The following article is something I thought was particularly good when I first
read it. Like the author, many of us who have climbed for years have given insufficient
consideration to some of things mentioned.
By Andres C. Cervantes
The American Alpine News October 1997
On Wednesday, July 2, 1997, Todd Marshall, 34, an Estes Park resident fell
and died on the second-to-last pitch of the Petit Grepon in Rocky Mountain National
Park, Colorado. He landed head first and was not wearing a helmet. His belayer
Matteo Bacedo of Italy, became entangled in the rope and remained on the belay
ledge through a cold, windy night unable to lower Marshall or himself. According
to the Rocky Mountain News, Marshall, an experienced climber, hung upside down
for almost 24 hours before his body could be lowered. It is not my position
to extrapolate on the event itself. I have neither the desire nor the experience
However, what I can contribute is this: I arrived in Estes Park on May 14,
1997, and began my third summer of employment at Cheley Colorado Camps. On my
to-do list were Lumpy Ridge and a number of alpine routes including the Petit
Grepon. As the summer business picked up, my coworkers/climbing partners could
no longer make the same time commitment to climbing that I could. I became quite
desperate for partners. I posted small notes in some coffee shops listing my
climbing ability, a telephone number, and little else.
I stopped by the Colorado Mountain School where I had taken an ice climbing
class the previous year. Mike Donahue was behind the counter of his shop when
I asked him if he had any students who needed partners. While I was talking
to him, one of his employees, Austin Wallace, a guide-in-training, overheard
us and mentioned that he needed a partner. We shared some experiences and climbing
ability. After doing several multi-pitch routes on Lumpy Ridge, we planned to
do a route on the Petit. As for the notes I posted, I received a few calls.
Almost all of them I just never called back because I now had a partner. Among
those who contacted me was Todd Marshall.
I was in the Gold Rush Coffee Shop Saturday morning when I read the newspaper
report of the accident and recognized Todd's name. Later that same day, Austin
would read the article and recognize the names of both men. On separate occasions
they had been in the shop looking for partners. Austin, who now considered me
his partner, didn't speak up when they mentioned they needed partners. In the
days that followed Todd Marshall and Matteo Baceda met, and on June 30, came
into the shop together and asked about conditions in the park. That was the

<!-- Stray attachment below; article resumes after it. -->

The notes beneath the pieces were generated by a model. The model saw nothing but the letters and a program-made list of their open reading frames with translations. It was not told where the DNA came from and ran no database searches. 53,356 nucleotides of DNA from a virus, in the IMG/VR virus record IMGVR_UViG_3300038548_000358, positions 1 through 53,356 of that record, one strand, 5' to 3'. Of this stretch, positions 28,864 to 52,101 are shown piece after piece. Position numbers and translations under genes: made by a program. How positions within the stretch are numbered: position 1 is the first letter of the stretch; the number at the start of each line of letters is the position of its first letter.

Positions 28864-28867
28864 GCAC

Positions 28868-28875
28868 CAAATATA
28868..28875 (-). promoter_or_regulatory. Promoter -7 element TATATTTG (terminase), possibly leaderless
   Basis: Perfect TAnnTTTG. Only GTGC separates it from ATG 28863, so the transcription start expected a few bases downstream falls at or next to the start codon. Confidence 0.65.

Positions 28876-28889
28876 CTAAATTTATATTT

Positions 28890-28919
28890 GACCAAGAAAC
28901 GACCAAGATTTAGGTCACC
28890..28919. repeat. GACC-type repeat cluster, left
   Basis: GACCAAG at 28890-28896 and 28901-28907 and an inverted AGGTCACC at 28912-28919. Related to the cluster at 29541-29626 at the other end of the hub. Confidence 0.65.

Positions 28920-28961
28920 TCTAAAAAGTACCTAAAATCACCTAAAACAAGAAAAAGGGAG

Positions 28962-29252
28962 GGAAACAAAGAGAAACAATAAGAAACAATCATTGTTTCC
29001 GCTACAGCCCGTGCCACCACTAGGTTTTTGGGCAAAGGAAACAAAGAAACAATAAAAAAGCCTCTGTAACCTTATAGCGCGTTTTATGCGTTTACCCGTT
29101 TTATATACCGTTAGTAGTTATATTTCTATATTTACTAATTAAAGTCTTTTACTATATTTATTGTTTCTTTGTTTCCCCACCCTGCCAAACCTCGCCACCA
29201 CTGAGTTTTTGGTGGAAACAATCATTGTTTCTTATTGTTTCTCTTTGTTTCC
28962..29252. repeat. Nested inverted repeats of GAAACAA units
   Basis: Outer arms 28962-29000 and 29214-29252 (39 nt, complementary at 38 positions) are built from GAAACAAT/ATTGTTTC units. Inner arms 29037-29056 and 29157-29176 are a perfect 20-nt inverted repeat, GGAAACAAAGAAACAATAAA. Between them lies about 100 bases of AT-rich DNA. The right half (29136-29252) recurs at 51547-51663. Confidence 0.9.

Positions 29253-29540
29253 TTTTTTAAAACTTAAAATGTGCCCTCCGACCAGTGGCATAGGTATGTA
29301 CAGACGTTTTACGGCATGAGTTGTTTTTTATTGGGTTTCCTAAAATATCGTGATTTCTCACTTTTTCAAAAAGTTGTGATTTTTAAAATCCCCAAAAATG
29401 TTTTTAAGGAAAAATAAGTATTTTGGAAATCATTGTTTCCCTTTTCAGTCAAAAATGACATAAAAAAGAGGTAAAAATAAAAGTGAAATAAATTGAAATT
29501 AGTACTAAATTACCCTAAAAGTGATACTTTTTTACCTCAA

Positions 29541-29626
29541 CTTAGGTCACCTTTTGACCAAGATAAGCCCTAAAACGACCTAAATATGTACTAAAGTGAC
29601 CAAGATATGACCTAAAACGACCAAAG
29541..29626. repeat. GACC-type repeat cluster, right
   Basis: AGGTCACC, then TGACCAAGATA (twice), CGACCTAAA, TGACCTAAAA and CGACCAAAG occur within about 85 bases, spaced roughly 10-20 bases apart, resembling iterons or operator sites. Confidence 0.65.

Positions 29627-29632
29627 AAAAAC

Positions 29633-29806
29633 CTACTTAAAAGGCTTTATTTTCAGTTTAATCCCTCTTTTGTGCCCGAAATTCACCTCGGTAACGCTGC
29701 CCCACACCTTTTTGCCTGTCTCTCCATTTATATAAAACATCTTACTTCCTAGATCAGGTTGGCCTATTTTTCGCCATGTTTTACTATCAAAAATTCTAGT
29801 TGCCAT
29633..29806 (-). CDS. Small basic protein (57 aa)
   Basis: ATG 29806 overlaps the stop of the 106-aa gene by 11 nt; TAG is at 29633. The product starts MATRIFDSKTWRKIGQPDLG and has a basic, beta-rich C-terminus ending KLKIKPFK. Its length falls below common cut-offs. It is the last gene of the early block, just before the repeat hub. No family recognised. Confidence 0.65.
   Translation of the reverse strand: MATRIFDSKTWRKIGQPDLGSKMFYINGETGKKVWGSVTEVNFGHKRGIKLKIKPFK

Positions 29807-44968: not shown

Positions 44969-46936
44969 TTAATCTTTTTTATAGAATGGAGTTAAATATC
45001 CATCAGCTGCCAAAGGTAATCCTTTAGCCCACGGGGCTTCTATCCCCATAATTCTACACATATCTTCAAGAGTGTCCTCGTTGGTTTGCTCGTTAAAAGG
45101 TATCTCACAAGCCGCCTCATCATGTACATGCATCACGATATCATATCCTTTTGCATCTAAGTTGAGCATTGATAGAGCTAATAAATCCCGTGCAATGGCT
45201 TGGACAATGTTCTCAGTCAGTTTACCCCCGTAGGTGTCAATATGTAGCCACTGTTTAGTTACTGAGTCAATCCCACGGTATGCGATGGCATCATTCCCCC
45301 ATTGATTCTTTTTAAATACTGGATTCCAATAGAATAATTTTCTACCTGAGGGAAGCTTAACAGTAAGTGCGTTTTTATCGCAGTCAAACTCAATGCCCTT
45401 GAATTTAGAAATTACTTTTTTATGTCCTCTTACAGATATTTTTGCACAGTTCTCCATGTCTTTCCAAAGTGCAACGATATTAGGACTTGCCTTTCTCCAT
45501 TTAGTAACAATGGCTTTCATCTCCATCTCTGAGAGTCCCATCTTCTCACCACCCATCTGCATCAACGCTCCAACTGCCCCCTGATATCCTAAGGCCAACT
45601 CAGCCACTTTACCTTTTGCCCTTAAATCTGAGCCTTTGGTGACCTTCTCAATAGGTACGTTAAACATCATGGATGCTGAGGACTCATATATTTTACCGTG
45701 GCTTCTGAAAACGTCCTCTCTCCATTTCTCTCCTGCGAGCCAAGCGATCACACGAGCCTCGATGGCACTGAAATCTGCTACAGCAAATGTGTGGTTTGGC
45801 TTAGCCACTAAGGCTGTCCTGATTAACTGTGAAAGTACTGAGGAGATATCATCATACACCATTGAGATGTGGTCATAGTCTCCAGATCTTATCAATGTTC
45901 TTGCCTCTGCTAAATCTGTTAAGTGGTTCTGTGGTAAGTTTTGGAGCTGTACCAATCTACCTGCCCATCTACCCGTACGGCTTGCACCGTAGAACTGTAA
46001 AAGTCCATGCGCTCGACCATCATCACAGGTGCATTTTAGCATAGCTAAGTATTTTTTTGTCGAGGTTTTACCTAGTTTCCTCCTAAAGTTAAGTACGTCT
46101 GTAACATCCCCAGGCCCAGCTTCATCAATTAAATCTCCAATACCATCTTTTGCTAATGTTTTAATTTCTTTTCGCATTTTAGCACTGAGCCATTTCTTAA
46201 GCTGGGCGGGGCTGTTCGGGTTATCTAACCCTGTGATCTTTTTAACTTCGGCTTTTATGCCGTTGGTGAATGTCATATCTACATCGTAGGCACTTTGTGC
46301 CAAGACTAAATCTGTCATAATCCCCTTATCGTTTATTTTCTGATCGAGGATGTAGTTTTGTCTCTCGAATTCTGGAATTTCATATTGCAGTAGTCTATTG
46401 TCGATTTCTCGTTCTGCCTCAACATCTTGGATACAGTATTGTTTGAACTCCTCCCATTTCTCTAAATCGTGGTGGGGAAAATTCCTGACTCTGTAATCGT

last time Austin saw them.
The two men climbed a few pitches together and then planned to do a route on
the Petit on July 2. Austin and I planned to do a route on the Petit on July
After the accident neither of us felt comfortable climbing so soon on the Petit.
There had just been too many similarities. Instead we climbed the Northcutt-Carter
route on Halletts Peak. Although we didn't talk about it, in between pitches
we were both thinking of belay escapes, lowering operations, and first-aid hypotheticals.
We both had helmets and prusiks. The weather was perfect, we stayed on route
(thanks to Austin), and we had a great time: a textbook climb.
But while eating lunch the next day at Ed's Cantina, we began talking about
the accident again and our brief contact with the participants. It all came
down to chance. I was so desperate for a climbing partner, I would have climbed
with Charles Manson if he could've tied in correctly. Austin pointed out that
at our first meeting, even he and I had only asked about climbing ability. Until
we read about the accident, neither of us mentioned first-aid training, self-rescue
training, or other emergency climbing skills.
We both agreed the next time we 'found' climbing partners we would ask about
their emergency skills, which are crucial in mountain environments where partners
are almost completely dependent upon one another. I do not know if Marshall
and Baceda covered this in their introduction, and again, it is not my area
of responsibility. But I do know that in the past my own partner selection left
something to be desired, and this accident has served as a forceful reminder
of what can occur between unfamiliar partners.